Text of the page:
ServiceOntario hit by complex computer problems

ServiceOntario’s information technology system bogged down early this week, leaving thousands of Ontarians waiting in line for hours at ServiceOntario offices.

ServiceOntario, which is responsible for delivery via Internet, telephone and automated kiosks of services such as health card registration, birth, marriage and death certificates, driver’s licenses and address changes, began experiencing technical difficulties on Tuesday.

“Our centres are experiencing Internet connectivity issues. We will provide an update once resolved. Sorry for the inconvenience,” ServiceOntario tweeted on Tuesday morning.

“Health Card transactions are slow or not processing because of connectivity issues. We’ll provide and update once resolved,” another tweet from the service said. Later, another tweet indicated that driver and vehicle services transactions have also bogged down.


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By Wednesday, however, ServiceOntario reported that its centres were once again operational.

The problem was blamed on “complex” computer issues by Jenna Mannone, spokesperson for Government Services Minister Harinder Takhar.

In an email to the newspaper the Toronto Star, she said the debit and credit payments were affected and employees also had difficulties confirming proof of insurance.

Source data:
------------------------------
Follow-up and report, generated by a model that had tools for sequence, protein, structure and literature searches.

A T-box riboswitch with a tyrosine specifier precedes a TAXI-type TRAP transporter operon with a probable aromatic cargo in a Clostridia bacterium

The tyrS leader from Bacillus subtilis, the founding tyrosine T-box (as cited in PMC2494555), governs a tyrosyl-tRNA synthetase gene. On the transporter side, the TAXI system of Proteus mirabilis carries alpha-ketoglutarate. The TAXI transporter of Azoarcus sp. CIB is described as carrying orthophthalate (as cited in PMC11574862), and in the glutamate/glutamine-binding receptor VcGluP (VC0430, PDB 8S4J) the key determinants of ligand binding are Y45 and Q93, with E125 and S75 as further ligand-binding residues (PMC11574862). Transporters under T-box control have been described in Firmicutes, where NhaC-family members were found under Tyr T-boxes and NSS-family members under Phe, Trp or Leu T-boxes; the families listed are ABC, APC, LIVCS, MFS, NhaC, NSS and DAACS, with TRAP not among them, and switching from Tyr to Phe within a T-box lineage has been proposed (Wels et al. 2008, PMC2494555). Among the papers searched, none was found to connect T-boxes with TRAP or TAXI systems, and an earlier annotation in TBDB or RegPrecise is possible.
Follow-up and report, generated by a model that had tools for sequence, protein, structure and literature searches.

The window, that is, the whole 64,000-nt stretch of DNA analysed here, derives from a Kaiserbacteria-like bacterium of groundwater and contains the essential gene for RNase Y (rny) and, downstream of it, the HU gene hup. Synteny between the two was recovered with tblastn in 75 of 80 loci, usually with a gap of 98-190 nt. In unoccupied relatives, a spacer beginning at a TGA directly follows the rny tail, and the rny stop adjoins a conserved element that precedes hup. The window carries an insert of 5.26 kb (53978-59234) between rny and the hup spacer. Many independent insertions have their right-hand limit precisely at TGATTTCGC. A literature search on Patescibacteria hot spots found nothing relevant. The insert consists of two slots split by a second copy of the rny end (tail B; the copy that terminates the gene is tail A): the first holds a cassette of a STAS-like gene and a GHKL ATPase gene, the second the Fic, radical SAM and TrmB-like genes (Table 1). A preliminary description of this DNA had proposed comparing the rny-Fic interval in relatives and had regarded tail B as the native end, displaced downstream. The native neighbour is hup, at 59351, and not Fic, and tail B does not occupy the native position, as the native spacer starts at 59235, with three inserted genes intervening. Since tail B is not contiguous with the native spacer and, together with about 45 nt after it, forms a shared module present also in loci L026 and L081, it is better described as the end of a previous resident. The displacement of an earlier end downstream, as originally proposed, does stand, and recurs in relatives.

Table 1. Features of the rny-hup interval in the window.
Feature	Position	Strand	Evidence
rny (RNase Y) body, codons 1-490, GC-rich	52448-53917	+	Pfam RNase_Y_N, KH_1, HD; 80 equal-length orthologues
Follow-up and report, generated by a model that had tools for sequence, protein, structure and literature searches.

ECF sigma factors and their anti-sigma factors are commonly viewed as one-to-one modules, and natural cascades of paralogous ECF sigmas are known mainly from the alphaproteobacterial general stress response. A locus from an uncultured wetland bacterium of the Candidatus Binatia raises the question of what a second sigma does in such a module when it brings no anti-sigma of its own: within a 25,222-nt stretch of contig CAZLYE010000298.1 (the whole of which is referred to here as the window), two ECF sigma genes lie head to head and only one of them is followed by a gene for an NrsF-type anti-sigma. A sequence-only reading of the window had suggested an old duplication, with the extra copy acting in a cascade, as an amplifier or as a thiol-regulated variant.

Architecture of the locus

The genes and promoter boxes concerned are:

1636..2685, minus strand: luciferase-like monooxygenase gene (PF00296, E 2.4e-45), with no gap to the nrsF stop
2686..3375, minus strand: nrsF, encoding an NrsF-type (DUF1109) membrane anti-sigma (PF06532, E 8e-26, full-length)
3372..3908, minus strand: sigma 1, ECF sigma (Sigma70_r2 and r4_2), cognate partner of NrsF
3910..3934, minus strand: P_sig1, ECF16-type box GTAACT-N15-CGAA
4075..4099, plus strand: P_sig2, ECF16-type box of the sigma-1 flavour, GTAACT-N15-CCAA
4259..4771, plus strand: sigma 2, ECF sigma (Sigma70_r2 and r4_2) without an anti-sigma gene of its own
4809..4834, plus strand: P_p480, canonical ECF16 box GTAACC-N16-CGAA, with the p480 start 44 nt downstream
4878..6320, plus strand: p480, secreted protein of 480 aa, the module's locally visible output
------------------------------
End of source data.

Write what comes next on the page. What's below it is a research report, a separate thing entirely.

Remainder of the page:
This is the latest technology problem to hit the service since five months ago when ServiceOntario announced it was permanently decommissioning its automated kiosks across the province.

The kiosks had become popular with many Ontarians looking for a quick way to carryout transactions such as license plate renewals and change of address requests. However, in June last year ServiceOntario shut down 72 such terminals after the Services Ministry was alerted to an organized attempt to get debit and credit card information from the machines.
By November of 2012, Takhar announced that the kiosk program was being shut down for good.
He said an internal analysis determined that it would not be worth it to harden the security of the machines and that it would save taxpayers about $6.3 million in one-time upgrading costs and another $2.2 million in annual maintenance costs to just shut down the machines.

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Jim Love, Chief Content Officer, IT World Canada

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